Ruth C. Engel
Mark Anthony Major
Action horror, with a bit of comedy thrown in.
Trivia In the scene where the Caretaker is in the Crematorium and he pours the ashes into the bag, the bag has the name Sam Raimi on it.
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Phantasm II (1988)
31st Oct 05
After eight years in a mental institution, Mike is finally released to rebuild his life after finally admitting that the Tall Man of his dreams is just that, in his dreams. But he’s not telling the truth and, reunited with Reggie the ice-cream man (the only ‘family’ has left), things immediately take a turn for the twisted again, most immediately by way of Reggie’s family being killed in a fire. With nothing left to lose the pair hit the road in their trusty Plymouth Hemi cuda – the trunk full off weapons and tools – tracking the Tall Man across the North West of America, guided only by Mike’s vague visions and those of new girl Liz, a pretty young telepath who dreams of both Mike and the Tall Man, but is hoping Mike reaches her small town first.
Review Reviewed as part of the Phantasm Box set
Don Coscarelli resisted the call to make Phantasm II for many a year, citing the reason for not going back that he just didn’t know how to do it. Then it hit him one day: why not take up the story the very second after the first film finishes? And he did just that, so let’s recap on what happened in the first. Even though Mike’s brother Jody pushed the rock off the cliff that trapped the Tall Man down the mine and Reggie had just been killed by the Lady in Lavendar, Phantasm I ends at Reggie’s house with Reggie consoling Mike over the death of his brother’s in a car crash. Such is the dreamy world of Phantasm. But wait; as Mike heads up stairs to pack his bags – bang! – the Tall Man’s back and Mike is pulled into a cupboard by one of the Tall Guy’s dwarves, so ending the footage borrowed from Phantasm I. Now it’s time to cut to Reggie, who rushes upstairs to see what the noise is. Spying the Tall Man and his minions dragging Mike’s body, Reggie runs downstairs, grabs a baseball bat, has a short battle with another dwarf, turns the gas oven on, grabs Mike and leaps out of the window just before the house explodes, and the audience cheer. Ladies and Gentlemen, Phantasm is back!
And except from the lady stuntwoman who played Mike jumping through the window having a much bigger ass than a 13 year old boy would have, that intro to Phantasm II is nigh on perfect, and pretty much sets you up for the entire rest of the movie. Phantasm II takes all the basic motifs of the last movie (the dreamy quality, the American fascination with death, the silver spheres of doom) and builds on them. The Tall Man is no longer just turning dead people in one small town into his dwarf army; he’s taken his game on the road, feeding off small American town after small American town along the way. Mike’s no longer just a kid (he’s indie darling James Le Gros now actually) and Reggie’s no longer just an ice-cream seller, they’re both now actively hunting the Tall Man and have what they hope are the tools to do the job. And the balls are back too, but this time they slice, dice and liquidise as well as drill, and also you can no longer see the camera crew in the each ball’s reflection as it flies. It’s wonderful what a little bit more money can do.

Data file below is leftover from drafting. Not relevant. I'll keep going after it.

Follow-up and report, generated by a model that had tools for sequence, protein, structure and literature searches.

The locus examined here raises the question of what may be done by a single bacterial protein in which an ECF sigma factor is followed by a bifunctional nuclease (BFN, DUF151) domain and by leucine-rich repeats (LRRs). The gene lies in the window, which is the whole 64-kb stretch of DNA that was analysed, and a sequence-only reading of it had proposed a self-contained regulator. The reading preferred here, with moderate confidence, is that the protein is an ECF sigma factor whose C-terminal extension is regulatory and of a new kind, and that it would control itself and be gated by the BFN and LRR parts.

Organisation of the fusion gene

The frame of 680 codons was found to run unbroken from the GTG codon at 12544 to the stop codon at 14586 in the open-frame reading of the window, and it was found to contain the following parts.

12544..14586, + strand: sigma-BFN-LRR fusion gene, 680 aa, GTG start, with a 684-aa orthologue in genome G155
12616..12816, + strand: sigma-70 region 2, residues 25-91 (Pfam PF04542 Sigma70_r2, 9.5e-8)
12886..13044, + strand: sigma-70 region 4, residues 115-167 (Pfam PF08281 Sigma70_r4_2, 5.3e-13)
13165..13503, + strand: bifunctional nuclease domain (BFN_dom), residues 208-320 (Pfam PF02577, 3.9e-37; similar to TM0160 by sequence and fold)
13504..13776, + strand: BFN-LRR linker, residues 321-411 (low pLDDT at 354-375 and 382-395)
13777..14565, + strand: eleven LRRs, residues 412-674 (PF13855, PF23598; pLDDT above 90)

But then again, that is a bit of a problem. Being a studio financed deal; Phantasm II has a different feel from the other three films in the series. Most obvious is the replacement of Michael Baldwin by James Le Gros, something that the studios insisted on (it was him or Reggie, and you know Reggie’s going nowhere), but also is the seriously pulled back attention to dream sequences. Whereas the first had whole chunks which may or may not have been real (if any of it was) Phantasm II is a lot more accessible and makes a lot more sense. Later instalments in the franchise revert more to the original’s mould (thanks to independent financing) and happily confuse the hell out of us whenever necessary, but Phantasm II only really becomes completely nonsensical near the end, with the famous “It’s only a dream!” cliff hanger. Still, in the grand scheme of things it’s a small price to pay. For all the bother loosing much of the unreality actually streamlines the movie, making it more of a popcorner, which perhaps fits the mood and the time of its release better. And beside, the studio did finance a four barrelled shot gun, a chainsaw duel, an amazing death by embalming fluid mixed with sulphuric acid scene, and some of the most outrageous ball death action from the whole series, most notably the funeral attendant getting shredded to pieces by the now infamous gold sphere. Money well spent I think you'll find.
So we have to thoroughly recommend Phantasm II in every way. As a companion piece to Phantasm it’s excellent, and back to back as a Zombie Club double bill with the first, you’re bound to have a great evening. It’s fun, scary and thrilling, it takes the story to a new place, and it has a really bonkers ending that makes very little sense, just like the first movie. Oh and it has that wickedly chilling music back again too, although this time with a bit of 80s synth played over it, just so you know what decade you’re in this time around.
Versions The only version you'll be wanting to hear about is the new Anchor Bay UK release, with all the amazing extras provided by our friends at Nucleus Films. Interviews, behind the scenes footage, cast and crew commentaries, it's all there.
Extras Introduction by The Tall Man, Angus Scrimm
Audio commentary by Don Coscarelli, Angus Scrimm and Reggie Bannister
Stereo 2.0 audio; optional 5.1 and DTS
Subtitles for the hard of hearing.
On the Phantasm II disc is also a great little easter egg of Michael Baldwin being asked what his favourite Phantasm movie was. "Oh definitely the second one!" he cries, which of course he wasn't in.